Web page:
The physiological effects of a nursing intervention of intermittent human tactile contact on preterm infants

Persistent Link:
http://hdl.handle.net/10150/276799
Title:
The physiological effects of a nursing intervention of intermittent human tactile contact on preterm infants
Author:
Neal, Diana Odland
Issue Date:
1988
Publisher:
The University of Arizona.
Rights:
Copyright © is held by the author. Digital access to this material is made possible by the University Libraries, University of Arizona. Further transmission, reproduction or presentation (such as public display or performance) of protected items is prohibited except with permission of the author.
Abstract:
The purpose of this study was to assess if preterm infants receiving an intervention of intermittent human tactile contact would demonstrate clinical improvement over infants who did not receive the intervention. A quasi-experimental design was used with 26 infants between 28 and 32 weeks gestation. Hands were placed on the infants' heads and lower backs for a total of 36 minutes of tactile contact a day for 10 days. Findings indicated a significant gain in mean body weight for both groups between Day 0 and Day 10. Also, there was a significant decrease in mean hematocrit in the control group between Day 0 and Day 10. On Day 10, experimental infants had a significantly higher mean number of apneic and bradycardic episodes than control infants. There were no significant mean differences between the groups for body weight, body temperature stability, oxygen variance, or hematocrit. Data suggest that gentle human touch may be correlated with desireable outcomes. Further research is necessary.
Type:
text; Thesis-Reproduction (electronic)
Keywords:
Premature infants -- Development.; Infant psychology.; Premature infants -- Hospital care.
Degree Name:
M.S.
Degree Level:
masters
Degree Program:
Graduate College; Nursing
Degree Grantor:
University of Arizona
Advisor:
Aamodt, Agnes M.

Full metadata record

DC FieldValue Language
dc.language.isoen_USen_US
dc.titleThe physiological effects of a nursing intervention of intermittent human tactile contact on preterm infantsen_US
dc.creatorNeal, Diana Odlanden_US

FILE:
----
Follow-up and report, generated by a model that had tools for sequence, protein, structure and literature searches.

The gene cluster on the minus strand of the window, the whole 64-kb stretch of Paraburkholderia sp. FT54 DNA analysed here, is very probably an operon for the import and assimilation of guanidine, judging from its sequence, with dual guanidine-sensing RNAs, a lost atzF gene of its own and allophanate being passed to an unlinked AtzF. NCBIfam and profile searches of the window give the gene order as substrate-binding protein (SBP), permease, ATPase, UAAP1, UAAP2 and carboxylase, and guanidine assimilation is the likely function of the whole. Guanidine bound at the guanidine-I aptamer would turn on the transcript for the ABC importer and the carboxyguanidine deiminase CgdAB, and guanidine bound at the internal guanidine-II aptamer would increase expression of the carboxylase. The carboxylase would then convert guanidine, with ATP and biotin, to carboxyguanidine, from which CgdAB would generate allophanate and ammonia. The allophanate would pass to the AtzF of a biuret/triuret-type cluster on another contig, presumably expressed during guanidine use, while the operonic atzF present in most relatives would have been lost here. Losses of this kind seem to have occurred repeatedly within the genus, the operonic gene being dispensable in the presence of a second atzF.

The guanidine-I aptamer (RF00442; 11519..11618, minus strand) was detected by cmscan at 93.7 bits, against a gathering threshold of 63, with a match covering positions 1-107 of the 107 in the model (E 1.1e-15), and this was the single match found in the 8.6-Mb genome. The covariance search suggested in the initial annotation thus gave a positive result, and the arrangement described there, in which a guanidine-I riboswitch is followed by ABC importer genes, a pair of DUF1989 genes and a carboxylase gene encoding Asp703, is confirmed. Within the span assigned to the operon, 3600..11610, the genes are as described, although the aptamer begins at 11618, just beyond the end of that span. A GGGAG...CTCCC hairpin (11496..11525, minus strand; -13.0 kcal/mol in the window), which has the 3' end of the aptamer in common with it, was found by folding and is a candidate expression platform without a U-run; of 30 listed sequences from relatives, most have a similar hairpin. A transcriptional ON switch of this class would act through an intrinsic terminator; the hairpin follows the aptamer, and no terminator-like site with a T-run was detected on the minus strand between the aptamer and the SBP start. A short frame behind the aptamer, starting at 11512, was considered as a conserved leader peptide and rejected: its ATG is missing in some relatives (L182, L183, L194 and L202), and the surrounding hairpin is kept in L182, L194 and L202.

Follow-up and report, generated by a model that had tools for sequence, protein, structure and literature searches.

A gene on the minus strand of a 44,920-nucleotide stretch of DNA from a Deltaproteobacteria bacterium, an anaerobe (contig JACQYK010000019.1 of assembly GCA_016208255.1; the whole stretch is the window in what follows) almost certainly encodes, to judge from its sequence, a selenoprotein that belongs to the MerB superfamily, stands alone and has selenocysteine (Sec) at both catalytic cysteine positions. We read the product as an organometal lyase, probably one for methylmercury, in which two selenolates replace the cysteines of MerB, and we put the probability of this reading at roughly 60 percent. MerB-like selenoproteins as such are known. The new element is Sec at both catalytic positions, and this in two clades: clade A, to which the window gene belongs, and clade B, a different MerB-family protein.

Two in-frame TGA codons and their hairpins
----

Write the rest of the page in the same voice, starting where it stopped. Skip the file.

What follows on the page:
dc.contributor.authorNeal, Diana Odlanden_US
dc.date.issued1988en_US
dc.publisherThe University of Arizona.en_US
dc.rightsCopyright © is held by the author. Digital access to this material is made possible by the University Libraries, University of Arizona. Further transmission, reproduction or presentation (such as public display or performance) of protected items is prohibited except with permission of the author.en_US
dc.description.abstractThe purpose of this study was to assess if preterm infants receiving an intervention of intermittent human tactile contact would demonstrate clinical improvement over infants who did not receive the intervention. A quasi-experimental design was used with 26 infants between 28 and 32 weeks gestation. Hands were placed on the infants' heads and lower backs for a total of 36 minutes of tactile contact a day for 10 days. Findings indicated a significant gain in mean body weight for both groups between Day 0 and Day 10. Also, there was a significant decrease in mean hematocrit in the control group between Day 0 and Day 10. On Day 10, experimental infants had a significantly higher mean number of apneic and bradycardic episodes than control infants. There were no significant mean differences between the groups for body weight, body temperature stability, oxygen variance, or hematocrit. Data suggest that gentle human touch may be correlated with desireable outcomes. Further research is necessary.en_US
dc.typetexten_US
dc.typeThesis-Reproduction (electronic)en_US
dc.subjectPremature infants -- Development.en_US
dc.subjectInfant psychology.en_US
dc.subjectPremature infants -- Hospital care.en_US
thesis.degree.nameM.S.en_US
thesis.degree.levelmastersen_US
thesis.degree.disciplineGraduate Collegeen_US
thesis.degree.disciplineNursingen_US
thesis.degree.grantorUniversity of Arizonaen_US
dc.contributor.advisorAamodt, Agnes M.en_US
dc.identifier.proquest1334357en_US
dc.identifier.oclc20381820en_US
dc.identifier.bibrecord.b16990080en_US
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